Disaster risk reduction is a major concern of the Jesuit Conference of Asia Pacific. Our geographic region experiences more natural disasters than any other part of the world, and increasingly countries are recognising the need to plan for a natural disaster rather than focus on what to do after a disaster strikes. There is a need for capability training in disaster event warning and evacuation strategy where the ability to interpret and utilise scientific information is expanded. Also, the disaster management cycle generally described as having four phases — mitigation, preparedness, response and recovery — is beginning to be seen as having a fifth phase of redesign. Beyond an overall approach, more specific opportunities are needed to enable collaborative action.
At the Conference level, we have developed a protocol calling for greater integration of capacity and networking, and we are encouraging our various provinces to develop their own protocol. The Philippine Province, which experiences natural disasters every year, was the first to develop a province protocol.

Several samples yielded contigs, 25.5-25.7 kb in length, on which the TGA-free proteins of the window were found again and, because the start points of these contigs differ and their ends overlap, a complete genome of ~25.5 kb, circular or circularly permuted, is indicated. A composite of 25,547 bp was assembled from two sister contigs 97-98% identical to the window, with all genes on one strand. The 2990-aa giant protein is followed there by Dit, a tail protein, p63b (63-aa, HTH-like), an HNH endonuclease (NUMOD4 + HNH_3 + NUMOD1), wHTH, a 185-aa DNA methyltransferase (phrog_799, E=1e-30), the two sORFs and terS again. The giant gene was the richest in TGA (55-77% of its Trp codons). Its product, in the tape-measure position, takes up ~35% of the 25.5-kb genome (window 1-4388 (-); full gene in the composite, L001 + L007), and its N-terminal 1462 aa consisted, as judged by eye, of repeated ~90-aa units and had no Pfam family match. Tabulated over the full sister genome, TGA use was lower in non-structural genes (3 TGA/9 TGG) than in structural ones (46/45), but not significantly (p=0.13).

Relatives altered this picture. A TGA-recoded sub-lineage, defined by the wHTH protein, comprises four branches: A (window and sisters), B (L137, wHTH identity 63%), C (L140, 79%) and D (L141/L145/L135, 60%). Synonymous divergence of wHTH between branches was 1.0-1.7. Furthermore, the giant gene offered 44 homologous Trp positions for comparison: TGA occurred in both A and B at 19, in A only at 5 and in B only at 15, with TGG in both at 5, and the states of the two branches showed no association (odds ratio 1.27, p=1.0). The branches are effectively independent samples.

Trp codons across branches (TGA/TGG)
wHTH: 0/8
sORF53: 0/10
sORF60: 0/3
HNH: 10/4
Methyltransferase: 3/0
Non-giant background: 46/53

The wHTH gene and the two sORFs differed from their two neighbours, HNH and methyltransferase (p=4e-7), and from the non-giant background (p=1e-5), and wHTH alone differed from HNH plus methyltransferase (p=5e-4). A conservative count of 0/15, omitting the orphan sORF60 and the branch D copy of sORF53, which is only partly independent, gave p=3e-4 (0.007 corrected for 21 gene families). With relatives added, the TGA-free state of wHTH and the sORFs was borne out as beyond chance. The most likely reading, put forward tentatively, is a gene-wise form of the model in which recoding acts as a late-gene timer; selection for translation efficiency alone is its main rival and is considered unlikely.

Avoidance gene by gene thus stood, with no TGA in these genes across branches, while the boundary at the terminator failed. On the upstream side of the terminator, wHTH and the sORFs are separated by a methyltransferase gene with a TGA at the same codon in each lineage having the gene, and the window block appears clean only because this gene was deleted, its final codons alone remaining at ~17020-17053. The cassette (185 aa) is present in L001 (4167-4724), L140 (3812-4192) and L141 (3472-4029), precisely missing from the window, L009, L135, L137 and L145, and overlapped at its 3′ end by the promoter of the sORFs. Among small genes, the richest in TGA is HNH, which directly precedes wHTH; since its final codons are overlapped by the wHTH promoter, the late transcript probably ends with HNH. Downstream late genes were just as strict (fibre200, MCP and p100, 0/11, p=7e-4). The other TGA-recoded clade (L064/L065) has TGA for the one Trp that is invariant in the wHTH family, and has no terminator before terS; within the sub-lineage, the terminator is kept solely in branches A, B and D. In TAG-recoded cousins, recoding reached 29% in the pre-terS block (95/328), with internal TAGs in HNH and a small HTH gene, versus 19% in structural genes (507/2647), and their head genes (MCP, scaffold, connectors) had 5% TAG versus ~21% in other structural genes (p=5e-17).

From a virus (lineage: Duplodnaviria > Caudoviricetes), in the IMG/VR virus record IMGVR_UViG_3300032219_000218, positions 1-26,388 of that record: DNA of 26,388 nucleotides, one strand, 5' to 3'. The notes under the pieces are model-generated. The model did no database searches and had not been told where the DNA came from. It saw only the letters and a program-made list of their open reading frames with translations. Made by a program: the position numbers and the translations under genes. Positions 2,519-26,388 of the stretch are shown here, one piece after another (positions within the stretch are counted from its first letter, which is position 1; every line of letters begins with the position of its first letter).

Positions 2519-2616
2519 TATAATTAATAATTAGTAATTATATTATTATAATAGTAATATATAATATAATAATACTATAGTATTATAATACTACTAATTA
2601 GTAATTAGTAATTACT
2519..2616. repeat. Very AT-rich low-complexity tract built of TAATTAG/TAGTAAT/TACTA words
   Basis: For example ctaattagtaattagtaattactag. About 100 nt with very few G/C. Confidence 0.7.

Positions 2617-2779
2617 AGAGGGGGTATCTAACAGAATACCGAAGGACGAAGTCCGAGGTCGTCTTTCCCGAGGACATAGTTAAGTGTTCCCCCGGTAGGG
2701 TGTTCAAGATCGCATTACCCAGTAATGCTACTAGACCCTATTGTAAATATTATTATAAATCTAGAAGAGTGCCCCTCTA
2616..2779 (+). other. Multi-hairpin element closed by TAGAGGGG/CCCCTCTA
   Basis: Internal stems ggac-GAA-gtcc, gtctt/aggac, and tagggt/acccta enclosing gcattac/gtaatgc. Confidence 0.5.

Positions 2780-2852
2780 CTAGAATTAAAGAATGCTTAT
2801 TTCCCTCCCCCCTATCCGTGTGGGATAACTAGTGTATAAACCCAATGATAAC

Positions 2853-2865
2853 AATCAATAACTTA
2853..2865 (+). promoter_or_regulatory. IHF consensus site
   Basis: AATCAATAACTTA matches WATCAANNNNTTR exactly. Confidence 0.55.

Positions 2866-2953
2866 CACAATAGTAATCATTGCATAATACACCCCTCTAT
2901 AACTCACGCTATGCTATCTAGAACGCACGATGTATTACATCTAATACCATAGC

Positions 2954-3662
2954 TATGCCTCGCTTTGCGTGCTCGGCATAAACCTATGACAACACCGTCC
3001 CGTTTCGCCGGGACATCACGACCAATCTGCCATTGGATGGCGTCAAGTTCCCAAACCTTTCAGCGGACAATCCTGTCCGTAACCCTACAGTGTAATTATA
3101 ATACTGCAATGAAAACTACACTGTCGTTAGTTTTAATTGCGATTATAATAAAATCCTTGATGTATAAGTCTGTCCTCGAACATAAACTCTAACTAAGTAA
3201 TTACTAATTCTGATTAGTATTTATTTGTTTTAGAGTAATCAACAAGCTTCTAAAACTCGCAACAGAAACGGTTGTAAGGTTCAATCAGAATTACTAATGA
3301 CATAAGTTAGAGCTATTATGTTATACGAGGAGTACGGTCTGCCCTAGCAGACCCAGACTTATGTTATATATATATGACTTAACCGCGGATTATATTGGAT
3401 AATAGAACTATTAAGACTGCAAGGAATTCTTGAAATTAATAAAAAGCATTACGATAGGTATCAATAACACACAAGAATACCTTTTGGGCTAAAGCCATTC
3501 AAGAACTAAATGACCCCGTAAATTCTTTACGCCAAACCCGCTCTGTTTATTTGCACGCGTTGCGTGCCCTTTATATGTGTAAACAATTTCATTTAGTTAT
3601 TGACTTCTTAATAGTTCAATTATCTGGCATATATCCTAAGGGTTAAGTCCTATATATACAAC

In addition, many Jesuit education institutions have relief and disaster risk reduction and management in their planning and processes. Having a broader system for coordination will increase impact and deepen responses. Greater social preparedness integrated with scientific analysis, in the event of the typhoons and cyclones prevalent in the Pacific, is needed.
With the increasing incidence of more intense storms and other climatic hazards, stakeholders are actively seeking opportunities to respond to needs. The Hyogo Framework for Action details the work required from all different stakeholders to reduce disaster losses. It outlines priority actions and offers guiding principles and practical means for achieving reduction in disaster losses through building the resilience of nations and communities to disasters.